Friday, March 5, 2010

Aquinas & Augustine on Temptation

Whether it was fitting for man to be tempted by the devil?

Objection 1: It would seem that it was not fitting for man to be tempted by the devil. For the same final punishment is appointed to the angels' sin and to man's, according to Mt. 25:41, "Go [Vulg.: 'Depart from Me'] you cursed into everlasting fire, which was prepared for the devil and his angels." Now the angels' first sin did not follow a temptation from without. Therefore neither should man's first sin have resulted from an outward temptation.

Objection 2: Further, God, Who foreknows the future, knew that through the demon's temptation man would fall into sin, and thus He knew full well that it was not expedient for man to be tempted. Therefore it would seem unfitting for God to allow him to be tempted.

Objection 3: Further, it seems to savor of punishment that anyone should have an assailant, just as on the other hand the cessation of an assault is akin to a reward. Now punishment should not precede fault. Therefore it was unfitting for man to be tempted before he sinned.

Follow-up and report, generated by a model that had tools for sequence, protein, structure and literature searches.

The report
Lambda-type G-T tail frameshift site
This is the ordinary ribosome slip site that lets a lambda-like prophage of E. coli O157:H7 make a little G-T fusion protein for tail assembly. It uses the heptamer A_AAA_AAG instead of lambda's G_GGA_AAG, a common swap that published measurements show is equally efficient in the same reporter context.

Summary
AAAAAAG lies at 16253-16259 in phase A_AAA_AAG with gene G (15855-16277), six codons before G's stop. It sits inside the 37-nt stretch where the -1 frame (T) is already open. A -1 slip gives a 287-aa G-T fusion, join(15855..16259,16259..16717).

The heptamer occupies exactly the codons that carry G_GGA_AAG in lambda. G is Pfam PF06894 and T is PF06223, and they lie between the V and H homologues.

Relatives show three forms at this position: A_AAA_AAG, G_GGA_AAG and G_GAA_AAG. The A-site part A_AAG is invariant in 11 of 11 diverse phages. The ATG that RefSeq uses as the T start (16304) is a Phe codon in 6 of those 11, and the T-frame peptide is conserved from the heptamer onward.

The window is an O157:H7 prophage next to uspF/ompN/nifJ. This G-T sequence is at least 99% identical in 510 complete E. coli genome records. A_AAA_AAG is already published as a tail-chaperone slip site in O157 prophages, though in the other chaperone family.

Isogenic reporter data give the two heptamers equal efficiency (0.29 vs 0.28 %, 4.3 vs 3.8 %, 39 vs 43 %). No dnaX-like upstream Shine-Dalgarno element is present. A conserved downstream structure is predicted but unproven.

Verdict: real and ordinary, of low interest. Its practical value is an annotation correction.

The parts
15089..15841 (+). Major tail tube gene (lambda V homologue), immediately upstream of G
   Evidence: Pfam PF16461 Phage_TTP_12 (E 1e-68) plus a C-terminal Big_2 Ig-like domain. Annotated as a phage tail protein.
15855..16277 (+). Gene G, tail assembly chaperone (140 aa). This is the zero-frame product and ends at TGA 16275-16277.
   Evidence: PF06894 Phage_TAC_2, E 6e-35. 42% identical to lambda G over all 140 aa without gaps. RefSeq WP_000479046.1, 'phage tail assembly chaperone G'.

On the contrary, It is written (Ecclus. 34:11): "He that hath not been tempted [Douay: 'tried'], what manner of things doth he know?"

I answer that, God's wisdom "orders all things sweetly" (Wis. 8:1), inasmuch as His providence appoints to each one that which is befitting it according to its nature. For as Dionysius says (Div. Nom. iv), "it belongs to providence not to destroy, but to maintain, nature." Now it is a condition attaching to human nature that one creature can be helped or impeded by another. Wherefore it was fitting that God should both allow man in the state of innocence to be tempted by evil angels, and should cause him to be helped by good angels. And by a special favor of grace, it was granted him that no creature outside himself could harm him against his own will, whereby he was able even to resist the temptation of the demon. Summa Theologica, Second Part of the Second Question, 165

He made us one with him when he chose to be tempted by Satan. We have heard in the gospel how the Lord Jesus Christ was tempted by the devil in the wilderness. Certainly Christ was tempted by the devil. In Christ you were tempted, for Christ received his flesh from your nature, but by his own power gained salvation for you; he suffered death in your nature, but by his own power gained glory for you; therefore, he suffered temptation in your nature, but by his own power gained victory for you.

If in Christ we have been tempted, in him we overcome the devil. Do you think only of Christ’s temptations and fail to think of his victory? See yourself as tempted in him, and see yourself as victorious in him. He could have kept the devil from himself; but if he were not tempted he could not teach you how to triumph over temptation. St Augustine

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